"No matter how terrified you may be, own your fear and take that leap anyway because whether you land on your feet or on your butt, the journey is well worth it."
-- Laurie Laliberte
"If your dreams do not scare you, they are not big enough."
-- Ellen Johnson Sirleaf
"Life shrinks or expands in proportion to one's courage."
-- Anais Nin

Wednesday, October 30, 2013

Hashtag I Love My Job

If you happen to follow me on twitter (or as I like to call it, "the twittah," just because it makes me giggle), you know I like to play with various hashtags, just because.

The only one I use seriously on a regular basis is #ilovemyjob. Why? Because I do. And the following excerpt from one of my latest editing projects is a prime example of why I love my job, why I do what I do, and why, even when I feel a bit overwhelmed by too much work or a challenging project, I get it done and move on to the next.

Kim Thompson contacted me a while back and asked if I could do a rush job on her 'script. I said yes for two reasons:

My roommates had literally eaten every morsel of food in the house, then moved out, thereby leaving me with no groceries and no grocery money. So I needed cash fast.
I had some free editing time and I always panic when that happens. Even if I know I have upcoming jobs that will take care of everything.

Anyhow, she needed the book done for an upcoming tour to promote the first in this series. She'll now have a second to show off and perhaps be able to sell to those who've already purchased the first volume. AND what better day to launch a book that includes witches, ghosts, and werewolves and falls into the paranormal category than on Halloween?

So here, I offer you a taste of one of my most fun, and most beloved, projects this year, Chapter One of Once Upon a Haunted Moon by K. R. Thompson.
Chapter One


Stryker's Pass, Southwest Virginia 

October 7, 1765 

Her name had been Ella. Such a long time ago. But that was before she became nameless.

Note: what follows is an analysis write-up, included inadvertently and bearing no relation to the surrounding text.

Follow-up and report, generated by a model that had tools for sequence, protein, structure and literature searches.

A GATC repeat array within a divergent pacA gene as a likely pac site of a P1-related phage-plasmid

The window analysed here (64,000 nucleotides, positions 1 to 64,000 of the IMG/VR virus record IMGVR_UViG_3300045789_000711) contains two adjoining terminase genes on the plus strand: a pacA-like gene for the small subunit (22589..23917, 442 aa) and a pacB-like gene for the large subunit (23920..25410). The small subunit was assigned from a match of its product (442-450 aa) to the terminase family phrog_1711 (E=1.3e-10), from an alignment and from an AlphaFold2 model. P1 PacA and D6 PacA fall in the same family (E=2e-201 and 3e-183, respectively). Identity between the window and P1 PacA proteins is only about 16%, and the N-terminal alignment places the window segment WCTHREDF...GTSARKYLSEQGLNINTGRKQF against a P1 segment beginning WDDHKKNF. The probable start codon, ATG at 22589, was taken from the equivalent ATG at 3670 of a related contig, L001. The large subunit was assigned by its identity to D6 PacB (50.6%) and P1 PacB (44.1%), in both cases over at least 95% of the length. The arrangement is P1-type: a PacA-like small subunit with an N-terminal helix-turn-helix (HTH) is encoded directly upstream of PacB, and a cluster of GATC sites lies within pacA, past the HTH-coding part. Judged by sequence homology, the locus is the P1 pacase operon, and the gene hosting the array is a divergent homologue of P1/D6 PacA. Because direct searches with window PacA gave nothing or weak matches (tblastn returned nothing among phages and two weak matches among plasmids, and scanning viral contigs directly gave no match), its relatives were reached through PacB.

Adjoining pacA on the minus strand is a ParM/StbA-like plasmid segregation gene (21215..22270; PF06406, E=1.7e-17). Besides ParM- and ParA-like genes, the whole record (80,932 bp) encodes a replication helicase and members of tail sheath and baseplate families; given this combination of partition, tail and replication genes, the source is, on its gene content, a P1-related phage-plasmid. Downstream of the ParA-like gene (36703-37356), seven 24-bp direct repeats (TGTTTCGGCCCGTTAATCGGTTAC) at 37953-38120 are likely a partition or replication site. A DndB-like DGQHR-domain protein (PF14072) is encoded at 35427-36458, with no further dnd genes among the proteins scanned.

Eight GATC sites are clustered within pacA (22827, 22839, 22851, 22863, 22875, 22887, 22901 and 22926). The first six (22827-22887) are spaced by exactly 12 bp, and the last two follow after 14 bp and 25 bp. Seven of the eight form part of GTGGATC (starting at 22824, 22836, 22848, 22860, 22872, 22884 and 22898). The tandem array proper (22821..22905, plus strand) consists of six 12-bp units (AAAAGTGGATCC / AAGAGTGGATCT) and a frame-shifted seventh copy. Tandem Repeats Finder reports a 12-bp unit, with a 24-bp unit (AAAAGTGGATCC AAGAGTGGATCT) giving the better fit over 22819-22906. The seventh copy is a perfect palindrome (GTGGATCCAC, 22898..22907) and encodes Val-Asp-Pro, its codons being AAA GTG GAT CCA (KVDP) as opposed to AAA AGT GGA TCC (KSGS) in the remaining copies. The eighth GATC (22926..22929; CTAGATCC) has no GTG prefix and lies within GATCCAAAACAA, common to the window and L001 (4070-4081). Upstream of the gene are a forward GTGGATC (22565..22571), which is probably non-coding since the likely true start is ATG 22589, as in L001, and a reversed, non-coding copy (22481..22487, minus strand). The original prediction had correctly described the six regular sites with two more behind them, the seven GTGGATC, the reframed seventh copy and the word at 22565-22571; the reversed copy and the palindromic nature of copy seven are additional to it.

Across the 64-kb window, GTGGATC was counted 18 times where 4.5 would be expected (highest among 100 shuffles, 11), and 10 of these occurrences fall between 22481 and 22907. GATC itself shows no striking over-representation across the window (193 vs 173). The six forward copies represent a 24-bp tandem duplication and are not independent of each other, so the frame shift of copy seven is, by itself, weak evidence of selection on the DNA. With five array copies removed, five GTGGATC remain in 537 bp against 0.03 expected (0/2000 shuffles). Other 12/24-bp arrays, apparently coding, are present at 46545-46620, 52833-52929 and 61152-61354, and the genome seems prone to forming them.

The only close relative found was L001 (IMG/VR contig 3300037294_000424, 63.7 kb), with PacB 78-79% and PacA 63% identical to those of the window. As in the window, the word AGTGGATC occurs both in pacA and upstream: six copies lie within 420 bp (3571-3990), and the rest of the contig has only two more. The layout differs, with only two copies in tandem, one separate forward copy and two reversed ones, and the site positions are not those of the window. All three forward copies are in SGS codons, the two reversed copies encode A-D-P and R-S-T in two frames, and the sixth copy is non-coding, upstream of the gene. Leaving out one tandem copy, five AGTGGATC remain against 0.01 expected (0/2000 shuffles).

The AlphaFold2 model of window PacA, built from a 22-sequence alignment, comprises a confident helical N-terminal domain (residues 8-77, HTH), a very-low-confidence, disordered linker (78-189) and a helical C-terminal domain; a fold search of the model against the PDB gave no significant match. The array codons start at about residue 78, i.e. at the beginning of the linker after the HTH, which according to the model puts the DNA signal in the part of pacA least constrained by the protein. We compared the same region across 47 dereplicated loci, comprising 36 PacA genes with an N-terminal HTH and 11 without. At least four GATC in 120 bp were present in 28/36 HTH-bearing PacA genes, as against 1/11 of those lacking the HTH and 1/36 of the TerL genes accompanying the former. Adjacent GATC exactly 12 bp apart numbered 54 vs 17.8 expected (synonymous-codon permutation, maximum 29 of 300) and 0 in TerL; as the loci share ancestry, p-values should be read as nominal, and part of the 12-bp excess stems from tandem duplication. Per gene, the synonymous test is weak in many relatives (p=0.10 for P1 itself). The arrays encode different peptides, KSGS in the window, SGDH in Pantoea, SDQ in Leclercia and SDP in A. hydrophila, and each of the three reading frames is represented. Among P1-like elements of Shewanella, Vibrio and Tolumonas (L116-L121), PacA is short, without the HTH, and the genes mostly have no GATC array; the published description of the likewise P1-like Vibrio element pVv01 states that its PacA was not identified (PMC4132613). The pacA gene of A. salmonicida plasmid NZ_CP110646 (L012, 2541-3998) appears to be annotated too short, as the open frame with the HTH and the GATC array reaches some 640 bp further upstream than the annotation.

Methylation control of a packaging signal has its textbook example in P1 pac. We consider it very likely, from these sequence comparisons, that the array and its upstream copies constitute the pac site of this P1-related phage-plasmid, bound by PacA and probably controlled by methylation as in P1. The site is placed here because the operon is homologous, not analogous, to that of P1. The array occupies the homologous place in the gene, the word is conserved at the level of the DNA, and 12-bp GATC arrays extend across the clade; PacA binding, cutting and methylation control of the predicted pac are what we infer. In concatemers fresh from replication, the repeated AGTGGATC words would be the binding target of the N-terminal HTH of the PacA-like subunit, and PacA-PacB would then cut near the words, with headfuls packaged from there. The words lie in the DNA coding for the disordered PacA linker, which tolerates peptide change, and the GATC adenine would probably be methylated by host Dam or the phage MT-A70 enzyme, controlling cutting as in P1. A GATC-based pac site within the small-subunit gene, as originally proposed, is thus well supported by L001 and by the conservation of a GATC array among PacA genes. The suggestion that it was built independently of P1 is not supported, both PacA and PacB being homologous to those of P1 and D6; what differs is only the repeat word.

Before the Fire Witch came. 

She shivered in spite of the heat from the nearby wagon. Flames licked at the hem of her calico dress. 

The wagon burst into flame as something exploded and shoved a massive heat wave against her tiny body. Scorched bits of canvas flew over her head, floating like pitiful flags of surrender. Her cap flew off her small, blonde head, the wind blowing it end over end -- a circle of seemingly impossible, pristine white that soon was engulfed in a choking mass of smoke. 

She heard the screams. Hundreds of thousands of piercing cries that seemed to echo over and over, back and forth in her head. Pleading cries for mercy, of anger, of pain…a tiny part of her tried to reason against the multitude of voices, the shrieks and groans that seemed to go an eternity. After all, hadn't there only been thirty-five people in their wagon train? Surely, it shouldn't take so long to die… 

A blast of wind sent putrid smoke flooding through her nostrils, and she gasped, breaking free of the trance that held her fast. It was then the smoke parted in a small path, as if in a bow to its master. Her blue eyes widened, and while a small part of her mind registered the deafening roar of flames, the sudden absence of scream, there was a dull feeling of certainty that she was alone, and that she knew what was coming next… 

She had always known. It was that feeling you got sometimes a moment before something happened that should take you by surprise, but didn't, because you knew it was going to happen. Not everyone could do it, her little brother Billy, and her papa couldn't. But she'd always known things. Her mama always knew things, too…like when she was going to get sick, or her papa was going to bring home game from hunting. Papa had always grinned at them, and told her and Mama they were "canny" and "good at guessing." She wondered why they hadn't seen this coming, this gruesome, hot death at the end of a journey that had promised to be so rewarding. A new world, free for the taking for those courageous enough to seek it, who knew that courage would have been their undoing.